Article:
A new national study has shown that nearly 75 percent of patients hospitalized for a heart attack had cholesterol levels that would indicate they were not at high risk for a cardiovascular event, according to current national cholesterol guidelines.
Specifically, these patients had low-density lipoprotein (LDL) cholesterol levels that met current guidelines, and close to half had LDL levels classified in guidelines as optimal (less than 100 mg/dL).
“Almost 75 percent of heart attack patients fell within recommended targets for LDL cholesterol, demonstrating that the current guidelines may not be low enough to cut heart attack risk in most who could benefit,” said Dr. Gregg C. Fonarow, Eliot Corday Professor of Cardiovascular Medicine and Science at the David Geffen School of Medicine at UCLA and the study’s principal investigator.
While the risk of cardiovascular events increases substantially with LDL levels above 40–60 mg/dL, current national cholesterol guidelines consider LDL levels less than 100–130 mg/dL acceptable for many individuals. The guidelines are thus not effectively identifying the majority of individuals who will develop fatal and non-fatal cardiovascular events, according to the study’s authors.
Researchers also found that more than half of patients hospitalized for a heart attack had poor high-density lipoprotein (HDL) cholesterol levels, according to national guidelines.
Published in the January issue of the American Heart Journal, the study suggests that lowering guideline targets for LDL cholesterol for those at risk for cardiovascular disease, as well as developing better treatments to raise HDL cholesterol, may help reduce the number of patients hospitalized for heart attack in the future.
“The study gives us new insight and intervention ideas to help reduce the number of heart attacks,” said Fonarow, who is also director of the Ahmanson–UCLA Cardiomyopathy Center.
Researchers analyzed data from 136,905 patients hospitalized for a heart attack nationwide between 2000 and 2006 whose lipid levels upon hospital admission were documented. This accounted for 59 percent of total hospital admissions for heart attack at participating hospitals during the study period.
Among individuals without any prior cardiovascular disease or diabetes, 72.1 percent had admission LDL levels less than 130 mg/dL, which is the current LDL cholesterol target for this population. Thus, the vast majority of individuals having their first heart attack would not have been targeted for effective preventative treatments based on the criteria used in the current guidelines.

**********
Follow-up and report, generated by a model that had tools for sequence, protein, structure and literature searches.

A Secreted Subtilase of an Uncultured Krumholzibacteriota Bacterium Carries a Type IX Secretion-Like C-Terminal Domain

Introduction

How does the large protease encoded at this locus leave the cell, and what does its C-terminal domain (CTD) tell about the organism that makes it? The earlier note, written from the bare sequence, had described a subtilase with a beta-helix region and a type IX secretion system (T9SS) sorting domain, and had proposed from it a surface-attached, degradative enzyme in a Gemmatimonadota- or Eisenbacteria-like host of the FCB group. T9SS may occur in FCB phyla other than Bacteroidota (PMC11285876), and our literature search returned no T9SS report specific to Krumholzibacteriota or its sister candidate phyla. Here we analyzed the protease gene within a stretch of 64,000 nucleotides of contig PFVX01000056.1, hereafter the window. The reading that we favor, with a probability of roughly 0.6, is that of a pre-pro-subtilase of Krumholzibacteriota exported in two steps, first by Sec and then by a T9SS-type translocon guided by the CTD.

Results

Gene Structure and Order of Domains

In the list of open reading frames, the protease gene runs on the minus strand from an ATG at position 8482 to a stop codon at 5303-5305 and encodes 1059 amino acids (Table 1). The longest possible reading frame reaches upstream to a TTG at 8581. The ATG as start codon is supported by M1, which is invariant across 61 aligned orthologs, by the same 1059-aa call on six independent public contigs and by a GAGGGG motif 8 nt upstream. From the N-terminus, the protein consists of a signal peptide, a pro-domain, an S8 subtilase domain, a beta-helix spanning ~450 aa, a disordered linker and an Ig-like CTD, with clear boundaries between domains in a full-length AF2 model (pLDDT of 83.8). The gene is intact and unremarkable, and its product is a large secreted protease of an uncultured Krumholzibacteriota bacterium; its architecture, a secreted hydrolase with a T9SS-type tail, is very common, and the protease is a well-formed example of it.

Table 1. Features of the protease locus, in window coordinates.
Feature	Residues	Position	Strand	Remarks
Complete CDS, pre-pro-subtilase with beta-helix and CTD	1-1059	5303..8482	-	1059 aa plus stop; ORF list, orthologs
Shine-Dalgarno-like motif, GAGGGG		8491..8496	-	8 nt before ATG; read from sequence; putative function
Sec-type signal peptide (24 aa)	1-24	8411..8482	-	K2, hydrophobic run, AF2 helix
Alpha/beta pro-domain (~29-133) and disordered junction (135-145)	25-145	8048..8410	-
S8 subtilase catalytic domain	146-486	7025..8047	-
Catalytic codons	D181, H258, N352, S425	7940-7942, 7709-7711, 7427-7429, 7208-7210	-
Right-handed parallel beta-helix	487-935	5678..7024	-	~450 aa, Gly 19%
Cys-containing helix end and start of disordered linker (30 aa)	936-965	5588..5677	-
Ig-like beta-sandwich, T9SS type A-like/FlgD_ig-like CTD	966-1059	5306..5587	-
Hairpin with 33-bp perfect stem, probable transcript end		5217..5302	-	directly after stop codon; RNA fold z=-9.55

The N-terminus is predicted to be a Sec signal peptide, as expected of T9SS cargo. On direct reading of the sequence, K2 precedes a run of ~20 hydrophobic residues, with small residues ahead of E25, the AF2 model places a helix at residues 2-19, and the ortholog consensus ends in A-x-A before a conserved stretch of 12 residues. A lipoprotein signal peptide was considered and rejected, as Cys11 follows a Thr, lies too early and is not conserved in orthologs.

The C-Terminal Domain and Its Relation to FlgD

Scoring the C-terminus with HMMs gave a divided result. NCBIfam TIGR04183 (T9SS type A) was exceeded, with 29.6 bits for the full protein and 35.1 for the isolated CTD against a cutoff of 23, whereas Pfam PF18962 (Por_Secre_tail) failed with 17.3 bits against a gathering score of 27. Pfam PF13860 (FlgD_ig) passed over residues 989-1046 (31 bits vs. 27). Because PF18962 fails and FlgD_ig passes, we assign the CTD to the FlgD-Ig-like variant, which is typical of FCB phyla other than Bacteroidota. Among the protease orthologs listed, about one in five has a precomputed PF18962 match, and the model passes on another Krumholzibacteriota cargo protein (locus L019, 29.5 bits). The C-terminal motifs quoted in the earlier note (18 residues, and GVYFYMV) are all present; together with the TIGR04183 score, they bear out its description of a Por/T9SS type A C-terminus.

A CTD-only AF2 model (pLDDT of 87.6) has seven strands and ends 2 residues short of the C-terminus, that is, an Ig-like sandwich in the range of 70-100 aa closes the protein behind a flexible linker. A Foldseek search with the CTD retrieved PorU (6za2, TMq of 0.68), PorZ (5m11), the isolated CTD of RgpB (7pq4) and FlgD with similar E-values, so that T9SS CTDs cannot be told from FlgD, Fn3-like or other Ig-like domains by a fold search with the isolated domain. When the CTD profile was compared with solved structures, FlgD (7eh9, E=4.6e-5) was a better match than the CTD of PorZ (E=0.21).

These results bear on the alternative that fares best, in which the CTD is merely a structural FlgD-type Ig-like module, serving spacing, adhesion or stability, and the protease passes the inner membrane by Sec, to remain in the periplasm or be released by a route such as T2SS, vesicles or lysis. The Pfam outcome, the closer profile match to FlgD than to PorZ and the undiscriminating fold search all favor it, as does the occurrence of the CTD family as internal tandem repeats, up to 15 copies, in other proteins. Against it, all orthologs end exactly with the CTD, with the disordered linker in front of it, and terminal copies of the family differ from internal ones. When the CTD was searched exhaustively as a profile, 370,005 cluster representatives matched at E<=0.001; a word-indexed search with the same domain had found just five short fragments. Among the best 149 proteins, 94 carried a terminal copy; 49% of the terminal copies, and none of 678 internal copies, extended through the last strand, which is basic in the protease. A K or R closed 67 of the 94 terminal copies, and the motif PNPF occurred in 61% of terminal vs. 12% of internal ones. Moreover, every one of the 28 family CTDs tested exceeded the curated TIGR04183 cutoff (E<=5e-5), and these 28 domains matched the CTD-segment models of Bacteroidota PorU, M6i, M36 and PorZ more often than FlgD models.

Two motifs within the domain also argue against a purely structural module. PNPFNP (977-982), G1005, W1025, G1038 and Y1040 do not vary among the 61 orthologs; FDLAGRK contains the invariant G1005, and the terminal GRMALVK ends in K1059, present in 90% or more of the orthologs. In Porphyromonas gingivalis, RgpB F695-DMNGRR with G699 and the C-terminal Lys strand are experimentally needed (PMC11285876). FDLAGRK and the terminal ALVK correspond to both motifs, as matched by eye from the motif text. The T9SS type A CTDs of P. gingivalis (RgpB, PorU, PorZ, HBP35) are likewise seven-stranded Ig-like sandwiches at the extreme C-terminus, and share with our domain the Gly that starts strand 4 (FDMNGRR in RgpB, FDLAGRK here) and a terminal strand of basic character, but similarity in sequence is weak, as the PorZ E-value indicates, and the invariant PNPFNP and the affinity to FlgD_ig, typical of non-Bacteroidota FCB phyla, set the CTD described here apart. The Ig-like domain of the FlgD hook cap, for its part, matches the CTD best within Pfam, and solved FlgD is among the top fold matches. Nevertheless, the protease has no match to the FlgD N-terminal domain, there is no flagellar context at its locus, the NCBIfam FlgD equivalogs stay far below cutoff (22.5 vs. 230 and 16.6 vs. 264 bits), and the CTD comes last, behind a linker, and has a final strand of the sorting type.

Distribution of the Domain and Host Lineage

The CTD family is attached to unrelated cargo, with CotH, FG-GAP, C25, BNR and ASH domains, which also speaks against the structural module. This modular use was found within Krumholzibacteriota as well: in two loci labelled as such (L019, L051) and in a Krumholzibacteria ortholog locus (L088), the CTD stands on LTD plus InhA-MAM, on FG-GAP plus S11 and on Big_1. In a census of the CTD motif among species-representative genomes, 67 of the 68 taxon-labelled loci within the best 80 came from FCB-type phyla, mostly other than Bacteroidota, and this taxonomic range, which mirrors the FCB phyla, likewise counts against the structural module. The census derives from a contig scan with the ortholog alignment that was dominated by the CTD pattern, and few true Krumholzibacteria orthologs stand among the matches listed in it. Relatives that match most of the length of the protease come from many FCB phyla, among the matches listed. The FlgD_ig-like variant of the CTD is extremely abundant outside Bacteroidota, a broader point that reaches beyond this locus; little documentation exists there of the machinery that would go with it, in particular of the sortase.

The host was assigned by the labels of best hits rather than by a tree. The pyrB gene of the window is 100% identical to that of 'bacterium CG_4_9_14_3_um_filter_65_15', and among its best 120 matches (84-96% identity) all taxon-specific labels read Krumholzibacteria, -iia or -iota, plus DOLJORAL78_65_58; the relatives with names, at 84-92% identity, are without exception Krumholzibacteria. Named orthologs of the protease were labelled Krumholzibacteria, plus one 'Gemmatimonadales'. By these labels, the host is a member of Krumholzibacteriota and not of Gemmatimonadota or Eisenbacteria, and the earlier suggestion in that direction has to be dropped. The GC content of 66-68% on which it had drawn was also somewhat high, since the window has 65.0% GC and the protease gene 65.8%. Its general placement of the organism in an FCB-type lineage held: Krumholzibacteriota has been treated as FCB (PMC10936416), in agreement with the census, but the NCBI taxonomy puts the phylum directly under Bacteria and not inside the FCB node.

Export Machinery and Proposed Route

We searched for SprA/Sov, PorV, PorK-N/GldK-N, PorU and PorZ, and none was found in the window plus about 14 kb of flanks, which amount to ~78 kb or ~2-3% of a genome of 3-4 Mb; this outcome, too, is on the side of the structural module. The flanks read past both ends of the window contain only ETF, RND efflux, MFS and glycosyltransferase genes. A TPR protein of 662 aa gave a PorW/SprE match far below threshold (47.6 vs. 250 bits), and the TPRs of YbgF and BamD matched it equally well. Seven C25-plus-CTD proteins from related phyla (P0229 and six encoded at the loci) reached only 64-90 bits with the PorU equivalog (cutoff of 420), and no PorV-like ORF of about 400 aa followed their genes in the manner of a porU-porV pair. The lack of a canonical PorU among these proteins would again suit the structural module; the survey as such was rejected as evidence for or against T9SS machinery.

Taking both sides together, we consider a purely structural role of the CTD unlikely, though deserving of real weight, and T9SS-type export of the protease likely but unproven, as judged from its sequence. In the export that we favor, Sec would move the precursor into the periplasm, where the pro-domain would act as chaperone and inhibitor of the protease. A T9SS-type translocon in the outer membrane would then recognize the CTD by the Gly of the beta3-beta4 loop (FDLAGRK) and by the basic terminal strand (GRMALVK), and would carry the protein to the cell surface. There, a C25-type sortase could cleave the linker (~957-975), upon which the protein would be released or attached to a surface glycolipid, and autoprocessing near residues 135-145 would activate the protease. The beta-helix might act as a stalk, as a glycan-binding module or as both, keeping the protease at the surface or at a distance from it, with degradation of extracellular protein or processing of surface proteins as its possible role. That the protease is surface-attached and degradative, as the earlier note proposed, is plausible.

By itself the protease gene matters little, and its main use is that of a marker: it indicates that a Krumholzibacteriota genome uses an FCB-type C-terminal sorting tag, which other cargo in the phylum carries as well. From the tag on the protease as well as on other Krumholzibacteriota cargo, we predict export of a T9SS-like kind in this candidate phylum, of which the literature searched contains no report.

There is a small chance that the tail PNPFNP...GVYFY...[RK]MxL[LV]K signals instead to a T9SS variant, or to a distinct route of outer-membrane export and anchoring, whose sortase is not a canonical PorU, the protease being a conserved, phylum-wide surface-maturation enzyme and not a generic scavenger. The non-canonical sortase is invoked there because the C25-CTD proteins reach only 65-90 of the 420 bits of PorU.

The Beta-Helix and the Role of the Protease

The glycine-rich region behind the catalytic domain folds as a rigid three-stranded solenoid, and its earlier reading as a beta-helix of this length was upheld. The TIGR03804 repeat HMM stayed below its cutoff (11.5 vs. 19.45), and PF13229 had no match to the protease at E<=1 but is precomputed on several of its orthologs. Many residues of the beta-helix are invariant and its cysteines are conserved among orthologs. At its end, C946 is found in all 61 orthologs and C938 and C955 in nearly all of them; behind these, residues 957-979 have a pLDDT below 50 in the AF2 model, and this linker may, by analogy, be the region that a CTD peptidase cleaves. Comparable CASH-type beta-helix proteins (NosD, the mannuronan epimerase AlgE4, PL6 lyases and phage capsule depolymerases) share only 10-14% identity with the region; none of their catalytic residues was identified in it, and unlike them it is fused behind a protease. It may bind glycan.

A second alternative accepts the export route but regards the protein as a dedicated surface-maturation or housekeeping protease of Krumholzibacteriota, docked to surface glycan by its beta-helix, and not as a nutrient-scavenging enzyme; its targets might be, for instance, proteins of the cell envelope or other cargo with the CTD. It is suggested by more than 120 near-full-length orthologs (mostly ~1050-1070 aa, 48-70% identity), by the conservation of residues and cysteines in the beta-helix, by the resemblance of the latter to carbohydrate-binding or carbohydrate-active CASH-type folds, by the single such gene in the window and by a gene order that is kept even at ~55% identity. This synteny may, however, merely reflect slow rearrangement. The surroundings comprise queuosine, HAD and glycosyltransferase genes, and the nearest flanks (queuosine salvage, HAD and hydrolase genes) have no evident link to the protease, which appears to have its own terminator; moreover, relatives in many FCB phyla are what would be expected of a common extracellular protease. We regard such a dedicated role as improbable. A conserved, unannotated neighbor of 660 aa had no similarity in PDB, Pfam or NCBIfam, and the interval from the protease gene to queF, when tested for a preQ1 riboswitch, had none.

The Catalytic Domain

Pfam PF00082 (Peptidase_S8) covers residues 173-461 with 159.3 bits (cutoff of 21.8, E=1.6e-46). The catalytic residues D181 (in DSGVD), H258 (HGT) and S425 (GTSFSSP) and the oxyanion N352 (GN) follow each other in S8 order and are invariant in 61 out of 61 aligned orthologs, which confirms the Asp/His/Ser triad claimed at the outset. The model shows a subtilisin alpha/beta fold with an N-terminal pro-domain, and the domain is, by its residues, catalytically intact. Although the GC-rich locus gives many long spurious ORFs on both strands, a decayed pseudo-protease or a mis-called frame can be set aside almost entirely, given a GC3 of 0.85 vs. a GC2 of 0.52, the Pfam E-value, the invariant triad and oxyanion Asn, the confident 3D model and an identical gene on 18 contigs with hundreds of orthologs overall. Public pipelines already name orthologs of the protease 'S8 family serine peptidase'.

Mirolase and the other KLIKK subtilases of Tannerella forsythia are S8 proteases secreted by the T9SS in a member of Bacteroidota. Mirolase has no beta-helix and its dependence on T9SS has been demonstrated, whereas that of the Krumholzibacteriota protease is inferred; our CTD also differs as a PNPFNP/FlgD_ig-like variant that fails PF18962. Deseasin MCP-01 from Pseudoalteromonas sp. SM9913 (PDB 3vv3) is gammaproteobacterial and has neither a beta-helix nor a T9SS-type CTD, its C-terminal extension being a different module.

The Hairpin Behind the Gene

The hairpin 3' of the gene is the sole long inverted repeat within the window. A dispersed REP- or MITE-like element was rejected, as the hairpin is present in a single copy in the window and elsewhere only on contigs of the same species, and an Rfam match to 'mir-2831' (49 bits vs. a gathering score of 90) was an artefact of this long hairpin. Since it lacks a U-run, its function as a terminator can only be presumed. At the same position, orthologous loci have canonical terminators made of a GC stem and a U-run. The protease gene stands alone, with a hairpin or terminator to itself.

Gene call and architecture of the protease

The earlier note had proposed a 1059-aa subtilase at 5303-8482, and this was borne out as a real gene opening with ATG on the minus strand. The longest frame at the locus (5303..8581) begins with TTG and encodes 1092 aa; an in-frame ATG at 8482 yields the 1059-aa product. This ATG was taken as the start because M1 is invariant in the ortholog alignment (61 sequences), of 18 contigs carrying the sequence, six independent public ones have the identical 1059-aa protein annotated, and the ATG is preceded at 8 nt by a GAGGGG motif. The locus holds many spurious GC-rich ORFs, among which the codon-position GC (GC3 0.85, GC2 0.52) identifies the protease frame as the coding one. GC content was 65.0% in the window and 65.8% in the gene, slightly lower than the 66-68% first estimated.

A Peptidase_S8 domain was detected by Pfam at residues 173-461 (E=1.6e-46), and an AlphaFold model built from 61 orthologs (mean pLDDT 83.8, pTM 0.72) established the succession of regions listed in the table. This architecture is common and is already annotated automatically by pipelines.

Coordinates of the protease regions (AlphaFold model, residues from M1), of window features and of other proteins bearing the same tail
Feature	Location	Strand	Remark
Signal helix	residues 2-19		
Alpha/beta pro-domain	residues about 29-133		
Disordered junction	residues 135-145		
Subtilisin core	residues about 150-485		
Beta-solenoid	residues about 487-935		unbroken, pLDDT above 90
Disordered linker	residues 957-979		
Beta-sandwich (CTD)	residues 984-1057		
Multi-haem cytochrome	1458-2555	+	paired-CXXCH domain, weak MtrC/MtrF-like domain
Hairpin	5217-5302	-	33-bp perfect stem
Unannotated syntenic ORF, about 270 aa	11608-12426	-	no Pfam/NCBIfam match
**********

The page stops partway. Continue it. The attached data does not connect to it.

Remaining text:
The team also found that half of the patients with a history of heart disease had LDL cholesterol levels lower than 100 mg/dL, and 17.6 percent of patients had LDL levels below 70 mg/dL, which are guideline targets for LDL cholesterol in those at fair risk and at high risk for cardiovascular disease, respectively.
The study also showed that HDL cholesterol, or “good cholesterol,” levels have dropped in patients hospitalized for heart attack over the past few years, possibly due to increasing rates of obesity, insulin resistance and diabetes.
Researchers found that 54.6 percent of patients had HDL levels below 40 mg/dL. Developing more effective treatments to boost HDL levels may help reduce the number of patients hospitalized for heart attacks, according to the authors.
“We found that less than 2 percent of heart attack patients had both ideal LDL and HDL cholesterol levels, so there is room for improvement,” said Fonarow.
Fonarow said that only 59 percent of patients in the database had their lipid levels checked upon admission, which should be increased, since these early measurements can often help guide treatment decisions.
He also noted that only 21 percent of patients in the study were taking lipid-lowering medications before admission, despite almost half having a prior history of cardiovascular events, which would prompt treatment.